A copyright violation occurs when a copyrighted work is reproduced, in whole or in part, without the permission of the copyright holder. This can take many forms, from using characters from your favourite TV shows in a fan fiction story to pirating thousands of copies of the Harry Potter films and selling them for profit. U.S. law allows for some reproduction of copyrighted material, but this defense is available only at a judge's discretion.
The principle of retaining the right to dictate how a work is duplicated--in essence the "copy right"--and to receive payment from those who reproduce your work comes from the Copyright Act 1709 (know colloquially as the Statute of Anne). Copyright has since been modified to suit the needs of the modern era and the majority of its principles are enshrined in the Berne Convention, which set international standards on copyright law.
Under the Berne Convention, once a work is created it is immediately subject to copyright by the creator. This is normally demonstrated by the use of the copyright symbol ("©") somewhere on the work, but it is not necessary to do so. Derivative works may also be copyrighted, although this will be nullified if they violate the copyright of the original work's owner.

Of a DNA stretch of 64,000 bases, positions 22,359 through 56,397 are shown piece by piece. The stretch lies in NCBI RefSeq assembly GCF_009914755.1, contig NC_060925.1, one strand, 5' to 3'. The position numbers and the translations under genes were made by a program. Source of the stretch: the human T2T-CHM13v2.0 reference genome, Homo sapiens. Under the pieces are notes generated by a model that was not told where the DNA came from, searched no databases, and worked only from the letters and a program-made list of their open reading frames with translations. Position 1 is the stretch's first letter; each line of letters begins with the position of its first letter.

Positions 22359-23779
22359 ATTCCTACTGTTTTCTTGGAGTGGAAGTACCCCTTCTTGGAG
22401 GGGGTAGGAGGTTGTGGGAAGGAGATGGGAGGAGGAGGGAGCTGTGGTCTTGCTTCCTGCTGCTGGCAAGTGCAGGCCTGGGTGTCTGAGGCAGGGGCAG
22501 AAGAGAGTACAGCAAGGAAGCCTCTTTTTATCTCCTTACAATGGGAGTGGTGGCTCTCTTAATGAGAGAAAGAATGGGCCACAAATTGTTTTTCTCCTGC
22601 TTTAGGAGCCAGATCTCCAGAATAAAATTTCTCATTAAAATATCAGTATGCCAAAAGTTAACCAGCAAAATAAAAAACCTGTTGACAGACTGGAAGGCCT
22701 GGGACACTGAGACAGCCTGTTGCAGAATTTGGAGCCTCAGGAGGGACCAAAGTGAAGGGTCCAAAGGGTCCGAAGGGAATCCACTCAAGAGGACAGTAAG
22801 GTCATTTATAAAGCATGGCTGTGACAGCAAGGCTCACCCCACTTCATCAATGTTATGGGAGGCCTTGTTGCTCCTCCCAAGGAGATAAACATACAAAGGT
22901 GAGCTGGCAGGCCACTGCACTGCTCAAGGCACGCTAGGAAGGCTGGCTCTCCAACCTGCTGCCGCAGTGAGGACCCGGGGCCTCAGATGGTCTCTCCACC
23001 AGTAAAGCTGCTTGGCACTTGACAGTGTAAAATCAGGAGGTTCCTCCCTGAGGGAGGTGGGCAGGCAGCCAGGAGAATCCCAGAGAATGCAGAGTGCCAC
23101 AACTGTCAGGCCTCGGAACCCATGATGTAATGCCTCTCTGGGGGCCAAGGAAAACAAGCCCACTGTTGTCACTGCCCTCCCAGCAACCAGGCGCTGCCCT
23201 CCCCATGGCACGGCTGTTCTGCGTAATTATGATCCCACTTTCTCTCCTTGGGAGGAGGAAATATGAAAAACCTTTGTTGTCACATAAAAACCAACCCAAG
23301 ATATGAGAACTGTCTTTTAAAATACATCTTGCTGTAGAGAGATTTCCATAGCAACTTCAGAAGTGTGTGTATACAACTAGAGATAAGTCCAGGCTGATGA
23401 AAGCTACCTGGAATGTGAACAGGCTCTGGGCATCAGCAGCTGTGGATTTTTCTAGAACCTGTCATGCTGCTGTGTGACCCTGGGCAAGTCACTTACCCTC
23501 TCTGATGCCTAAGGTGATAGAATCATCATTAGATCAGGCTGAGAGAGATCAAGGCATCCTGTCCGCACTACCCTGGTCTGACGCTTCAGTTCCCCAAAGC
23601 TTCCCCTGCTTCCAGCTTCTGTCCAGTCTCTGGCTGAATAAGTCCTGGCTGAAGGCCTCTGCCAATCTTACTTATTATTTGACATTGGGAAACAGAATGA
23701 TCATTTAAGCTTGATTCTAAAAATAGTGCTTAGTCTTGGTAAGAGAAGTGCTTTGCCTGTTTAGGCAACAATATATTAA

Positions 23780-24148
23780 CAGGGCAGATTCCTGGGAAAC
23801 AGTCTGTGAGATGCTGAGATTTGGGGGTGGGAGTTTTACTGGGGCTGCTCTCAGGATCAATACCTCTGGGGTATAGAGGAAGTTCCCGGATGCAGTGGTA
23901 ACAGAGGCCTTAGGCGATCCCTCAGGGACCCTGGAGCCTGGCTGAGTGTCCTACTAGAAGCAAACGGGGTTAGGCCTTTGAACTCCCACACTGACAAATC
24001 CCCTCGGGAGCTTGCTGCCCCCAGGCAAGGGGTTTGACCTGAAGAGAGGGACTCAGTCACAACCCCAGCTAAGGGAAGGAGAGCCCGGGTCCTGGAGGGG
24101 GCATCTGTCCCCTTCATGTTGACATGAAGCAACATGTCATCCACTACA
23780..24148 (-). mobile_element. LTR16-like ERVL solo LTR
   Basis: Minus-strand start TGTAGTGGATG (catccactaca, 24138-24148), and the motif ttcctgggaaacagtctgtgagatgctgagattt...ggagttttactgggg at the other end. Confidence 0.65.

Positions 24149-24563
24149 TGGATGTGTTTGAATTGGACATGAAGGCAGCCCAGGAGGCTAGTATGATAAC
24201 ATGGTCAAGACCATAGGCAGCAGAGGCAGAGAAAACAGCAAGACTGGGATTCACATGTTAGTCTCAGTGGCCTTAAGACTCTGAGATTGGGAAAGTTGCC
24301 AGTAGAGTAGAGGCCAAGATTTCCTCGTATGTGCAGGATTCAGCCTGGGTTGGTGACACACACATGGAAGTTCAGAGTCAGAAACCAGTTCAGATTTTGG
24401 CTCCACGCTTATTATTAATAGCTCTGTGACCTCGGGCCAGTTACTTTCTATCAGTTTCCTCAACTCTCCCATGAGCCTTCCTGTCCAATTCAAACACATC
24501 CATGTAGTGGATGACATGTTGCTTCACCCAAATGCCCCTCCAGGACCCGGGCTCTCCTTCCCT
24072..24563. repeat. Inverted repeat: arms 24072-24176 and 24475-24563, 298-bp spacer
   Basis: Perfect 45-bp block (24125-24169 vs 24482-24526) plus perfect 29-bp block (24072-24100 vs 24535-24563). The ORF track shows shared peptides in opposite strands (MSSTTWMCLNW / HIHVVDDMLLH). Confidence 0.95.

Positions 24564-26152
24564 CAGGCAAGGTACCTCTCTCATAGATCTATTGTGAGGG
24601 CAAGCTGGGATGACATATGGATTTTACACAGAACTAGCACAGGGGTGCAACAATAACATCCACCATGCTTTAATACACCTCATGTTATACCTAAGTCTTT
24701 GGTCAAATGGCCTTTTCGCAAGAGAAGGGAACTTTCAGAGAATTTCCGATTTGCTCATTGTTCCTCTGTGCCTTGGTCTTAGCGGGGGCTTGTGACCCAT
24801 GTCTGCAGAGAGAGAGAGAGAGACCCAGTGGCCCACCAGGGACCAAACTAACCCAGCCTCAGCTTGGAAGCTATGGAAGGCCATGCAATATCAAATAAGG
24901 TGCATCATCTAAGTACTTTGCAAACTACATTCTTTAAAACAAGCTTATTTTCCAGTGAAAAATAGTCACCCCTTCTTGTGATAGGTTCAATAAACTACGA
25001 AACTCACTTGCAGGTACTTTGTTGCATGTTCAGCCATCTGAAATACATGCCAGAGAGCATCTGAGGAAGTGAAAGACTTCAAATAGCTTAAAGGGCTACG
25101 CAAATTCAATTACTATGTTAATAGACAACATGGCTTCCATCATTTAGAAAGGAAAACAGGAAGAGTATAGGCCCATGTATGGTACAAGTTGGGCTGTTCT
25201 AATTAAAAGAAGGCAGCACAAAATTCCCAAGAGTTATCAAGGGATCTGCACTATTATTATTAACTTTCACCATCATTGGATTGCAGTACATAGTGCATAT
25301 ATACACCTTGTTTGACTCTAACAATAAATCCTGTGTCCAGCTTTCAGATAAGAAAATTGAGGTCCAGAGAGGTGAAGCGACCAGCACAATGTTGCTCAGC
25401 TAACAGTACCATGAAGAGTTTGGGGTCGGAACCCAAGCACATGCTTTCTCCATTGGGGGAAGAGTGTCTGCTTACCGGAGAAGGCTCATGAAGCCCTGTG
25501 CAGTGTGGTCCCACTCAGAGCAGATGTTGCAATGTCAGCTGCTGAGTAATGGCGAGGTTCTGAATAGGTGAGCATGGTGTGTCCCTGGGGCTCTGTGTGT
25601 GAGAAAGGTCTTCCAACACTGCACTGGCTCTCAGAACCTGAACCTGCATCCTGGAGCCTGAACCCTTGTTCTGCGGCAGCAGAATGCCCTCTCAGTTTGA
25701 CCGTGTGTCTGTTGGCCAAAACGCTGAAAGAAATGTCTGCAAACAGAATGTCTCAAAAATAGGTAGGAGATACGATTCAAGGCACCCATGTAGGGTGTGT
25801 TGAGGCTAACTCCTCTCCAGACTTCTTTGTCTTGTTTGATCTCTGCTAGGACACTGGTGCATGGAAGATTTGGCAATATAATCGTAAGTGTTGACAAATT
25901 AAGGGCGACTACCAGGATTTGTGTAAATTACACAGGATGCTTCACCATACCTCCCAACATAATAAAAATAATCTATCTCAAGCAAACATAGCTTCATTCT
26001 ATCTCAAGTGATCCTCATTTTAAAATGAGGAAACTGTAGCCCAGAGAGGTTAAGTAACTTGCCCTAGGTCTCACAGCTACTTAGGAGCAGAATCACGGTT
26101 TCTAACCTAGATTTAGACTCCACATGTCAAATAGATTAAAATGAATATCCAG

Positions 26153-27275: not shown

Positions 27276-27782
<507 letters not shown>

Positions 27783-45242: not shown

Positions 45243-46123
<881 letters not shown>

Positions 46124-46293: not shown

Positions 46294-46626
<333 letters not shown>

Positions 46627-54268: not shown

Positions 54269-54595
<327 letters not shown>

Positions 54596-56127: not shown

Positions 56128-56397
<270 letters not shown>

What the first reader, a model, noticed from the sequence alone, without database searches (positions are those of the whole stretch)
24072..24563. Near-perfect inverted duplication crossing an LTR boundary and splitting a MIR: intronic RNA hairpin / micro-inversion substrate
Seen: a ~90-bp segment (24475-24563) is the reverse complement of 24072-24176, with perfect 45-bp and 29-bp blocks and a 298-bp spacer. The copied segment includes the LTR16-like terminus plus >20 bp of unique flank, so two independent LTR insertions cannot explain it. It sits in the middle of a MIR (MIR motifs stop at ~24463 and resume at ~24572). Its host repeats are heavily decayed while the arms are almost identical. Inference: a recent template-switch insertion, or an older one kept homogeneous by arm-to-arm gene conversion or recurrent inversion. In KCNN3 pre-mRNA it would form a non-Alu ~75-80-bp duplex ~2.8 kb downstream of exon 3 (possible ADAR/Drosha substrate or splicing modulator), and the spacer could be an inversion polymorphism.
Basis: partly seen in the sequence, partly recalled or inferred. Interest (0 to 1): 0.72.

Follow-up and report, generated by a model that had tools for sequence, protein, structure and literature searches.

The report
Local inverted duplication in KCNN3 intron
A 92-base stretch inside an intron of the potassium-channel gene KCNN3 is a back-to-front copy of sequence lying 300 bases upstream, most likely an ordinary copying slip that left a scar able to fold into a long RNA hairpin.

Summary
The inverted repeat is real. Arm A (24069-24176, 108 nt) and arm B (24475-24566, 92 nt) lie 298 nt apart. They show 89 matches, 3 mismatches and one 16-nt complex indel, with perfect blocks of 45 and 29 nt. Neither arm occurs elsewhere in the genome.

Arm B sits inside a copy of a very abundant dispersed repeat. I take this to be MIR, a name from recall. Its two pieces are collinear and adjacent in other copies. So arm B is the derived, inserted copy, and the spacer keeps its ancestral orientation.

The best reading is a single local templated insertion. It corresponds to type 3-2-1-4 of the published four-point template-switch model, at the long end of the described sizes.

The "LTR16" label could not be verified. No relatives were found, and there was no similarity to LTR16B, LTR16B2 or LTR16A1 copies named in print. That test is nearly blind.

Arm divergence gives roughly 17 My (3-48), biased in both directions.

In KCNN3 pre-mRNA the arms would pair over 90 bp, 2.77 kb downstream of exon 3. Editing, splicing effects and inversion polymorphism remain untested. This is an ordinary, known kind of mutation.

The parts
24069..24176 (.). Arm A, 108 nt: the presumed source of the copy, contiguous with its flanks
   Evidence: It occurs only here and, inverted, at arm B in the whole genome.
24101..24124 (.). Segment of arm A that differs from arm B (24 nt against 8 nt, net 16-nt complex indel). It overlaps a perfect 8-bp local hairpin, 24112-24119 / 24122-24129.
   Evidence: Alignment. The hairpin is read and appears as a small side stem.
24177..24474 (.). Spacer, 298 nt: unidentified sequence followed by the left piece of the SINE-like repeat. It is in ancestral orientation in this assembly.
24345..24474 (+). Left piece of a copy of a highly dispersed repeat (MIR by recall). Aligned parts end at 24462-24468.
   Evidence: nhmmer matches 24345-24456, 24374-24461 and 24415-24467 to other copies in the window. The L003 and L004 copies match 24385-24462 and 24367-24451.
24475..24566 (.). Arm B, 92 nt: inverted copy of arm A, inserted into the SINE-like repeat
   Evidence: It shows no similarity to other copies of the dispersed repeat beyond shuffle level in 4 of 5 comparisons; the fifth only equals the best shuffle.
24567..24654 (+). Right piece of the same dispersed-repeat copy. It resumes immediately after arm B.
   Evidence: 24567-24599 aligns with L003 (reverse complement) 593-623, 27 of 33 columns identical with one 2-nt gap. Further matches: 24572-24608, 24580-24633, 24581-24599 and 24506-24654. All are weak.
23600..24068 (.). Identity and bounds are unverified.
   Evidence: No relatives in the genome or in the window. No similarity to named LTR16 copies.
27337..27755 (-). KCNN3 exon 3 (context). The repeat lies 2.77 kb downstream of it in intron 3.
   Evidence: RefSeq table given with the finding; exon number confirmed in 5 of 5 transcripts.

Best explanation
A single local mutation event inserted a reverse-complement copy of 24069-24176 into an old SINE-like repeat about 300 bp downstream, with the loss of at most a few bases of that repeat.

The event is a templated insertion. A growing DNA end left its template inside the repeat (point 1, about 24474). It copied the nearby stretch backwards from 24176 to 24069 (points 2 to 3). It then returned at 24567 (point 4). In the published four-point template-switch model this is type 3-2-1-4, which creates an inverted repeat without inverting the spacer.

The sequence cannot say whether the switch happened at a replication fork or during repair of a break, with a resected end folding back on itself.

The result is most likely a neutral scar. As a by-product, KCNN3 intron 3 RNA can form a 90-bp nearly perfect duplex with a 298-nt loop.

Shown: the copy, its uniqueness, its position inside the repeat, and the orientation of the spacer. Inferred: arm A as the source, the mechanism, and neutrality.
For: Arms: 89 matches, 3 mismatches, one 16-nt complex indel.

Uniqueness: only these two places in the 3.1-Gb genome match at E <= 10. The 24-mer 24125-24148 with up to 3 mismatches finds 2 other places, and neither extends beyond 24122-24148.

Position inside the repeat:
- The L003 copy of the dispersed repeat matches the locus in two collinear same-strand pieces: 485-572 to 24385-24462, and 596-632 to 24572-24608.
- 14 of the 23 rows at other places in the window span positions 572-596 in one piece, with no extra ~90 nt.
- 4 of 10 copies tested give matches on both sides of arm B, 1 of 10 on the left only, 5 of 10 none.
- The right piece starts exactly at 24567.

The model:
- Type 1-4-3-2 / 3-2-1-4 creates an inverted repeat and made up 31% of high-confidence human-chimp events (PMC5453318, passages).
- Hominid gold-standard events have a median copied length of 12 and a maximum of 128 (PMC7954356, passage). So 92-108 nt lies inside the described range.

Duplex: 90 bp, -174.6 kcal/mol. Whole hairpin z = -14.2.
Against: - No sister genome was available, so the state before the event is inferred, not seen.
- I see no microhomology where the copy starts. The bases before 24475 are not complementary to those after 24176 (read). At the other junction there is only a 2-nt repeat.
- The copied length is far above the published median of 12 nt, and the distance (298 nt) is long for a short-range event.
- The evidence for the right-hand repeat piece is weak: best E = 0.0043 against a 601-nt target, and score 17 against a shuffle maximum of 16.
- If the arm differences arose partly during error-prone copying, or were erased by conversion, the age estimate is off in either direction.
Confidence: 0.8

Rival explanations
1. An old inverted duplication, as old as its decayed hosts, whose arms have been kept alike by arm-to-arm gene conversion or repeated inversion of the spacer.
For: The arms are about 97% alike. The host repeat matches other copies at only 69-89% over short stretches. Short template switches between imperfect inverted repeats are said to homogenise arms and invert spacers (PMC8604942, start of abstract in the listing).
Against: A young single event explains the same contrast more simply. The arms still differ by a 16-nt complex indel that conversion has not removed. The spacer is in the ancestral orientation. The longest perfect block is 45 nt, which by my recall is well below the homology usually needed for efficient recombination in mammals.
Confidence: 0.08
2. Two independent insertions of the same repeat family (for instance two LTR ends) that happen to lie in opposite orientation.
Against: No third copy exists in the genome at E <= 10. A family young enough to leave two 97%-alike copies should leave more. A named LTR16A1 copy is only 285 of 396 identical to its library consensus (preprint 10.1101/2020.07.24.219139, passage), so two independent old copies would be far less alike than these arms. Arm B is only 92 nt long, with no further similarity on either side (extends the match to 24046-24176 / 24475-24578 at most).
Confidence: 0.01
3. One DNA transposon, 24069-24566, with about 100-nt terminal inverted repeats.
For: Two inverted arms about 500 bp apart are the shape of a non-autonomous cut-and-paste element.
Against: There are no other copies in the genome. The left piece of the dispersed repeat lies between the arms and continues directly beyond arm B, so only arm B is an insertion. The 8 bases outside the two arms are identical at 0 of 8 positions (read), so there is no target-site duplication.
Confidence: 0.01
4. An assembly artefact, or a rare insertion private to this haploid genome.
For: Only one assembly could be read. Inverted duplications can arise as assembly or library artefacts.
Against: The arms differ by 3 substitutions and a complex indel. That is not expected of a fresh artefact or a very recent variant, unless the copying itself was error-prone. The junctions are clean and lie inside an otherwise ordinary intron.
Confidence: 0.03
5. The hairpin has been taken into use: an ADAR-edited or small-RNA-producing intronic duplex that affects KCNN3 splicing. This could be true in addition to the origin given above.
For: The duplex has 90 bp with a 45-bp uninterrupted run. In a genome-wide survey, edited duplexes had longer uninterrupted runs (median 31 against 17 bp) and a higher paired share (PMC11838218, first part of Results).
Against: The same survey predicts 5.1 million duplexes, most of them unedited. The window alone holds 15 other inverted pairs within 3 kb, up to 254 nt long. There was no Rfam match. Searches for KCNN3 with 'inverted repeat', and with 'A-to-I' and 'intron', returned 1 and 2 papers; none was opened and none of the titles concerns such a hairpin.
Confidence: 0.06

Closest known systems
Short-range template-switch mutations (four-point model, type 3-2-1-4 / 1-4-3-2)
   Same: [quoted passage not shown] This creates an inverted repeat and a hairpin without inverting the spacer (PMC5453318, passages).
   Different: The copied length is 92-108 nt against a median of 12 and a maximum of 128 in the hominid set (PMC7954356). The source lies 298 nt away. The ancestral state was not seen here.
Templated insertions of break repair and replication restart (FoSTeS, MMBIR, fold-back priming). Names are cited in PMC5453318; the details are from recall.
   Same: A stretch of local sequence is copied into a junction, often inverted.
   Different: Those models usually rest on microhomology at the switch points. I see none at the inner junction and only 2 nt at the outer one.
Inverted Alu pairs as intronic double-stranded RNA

The effect of violating copyright is to damage the value of the original work to the copyright owner. This usually takes the form of financial damage, as occurs when pirated DVDs are sold; reducing the number of sales the copyright holder can make. However, copyright is not wholly limited to suing for damages from violations, and it is possible to grant injunctions to prevent further reproduction even where there has been no financial loss.
Copyright is often mistaken with trademarks, leading to the common misconception that if a person's copyright is not defended vigorously, they can lose it. However, there is no article in copyright law that allows for a copyrighted work to become "public domain" without the copyright owner's permission or her death (after which the copyright can lapse). Similarly, a name cannot be copyrighted, although a logo associated with that name can, as it is a creative work.
In the United States, it is possible to claim fair use as a defense against claims of copyright violation. However, fair use is a defense only where claims have been brought against a work that is a parody, criticism, news report or educational document produced in a not-for-profit manner. Whether a specific work falls into any of these categories is a matter for the court to decide on the facts of the case in question.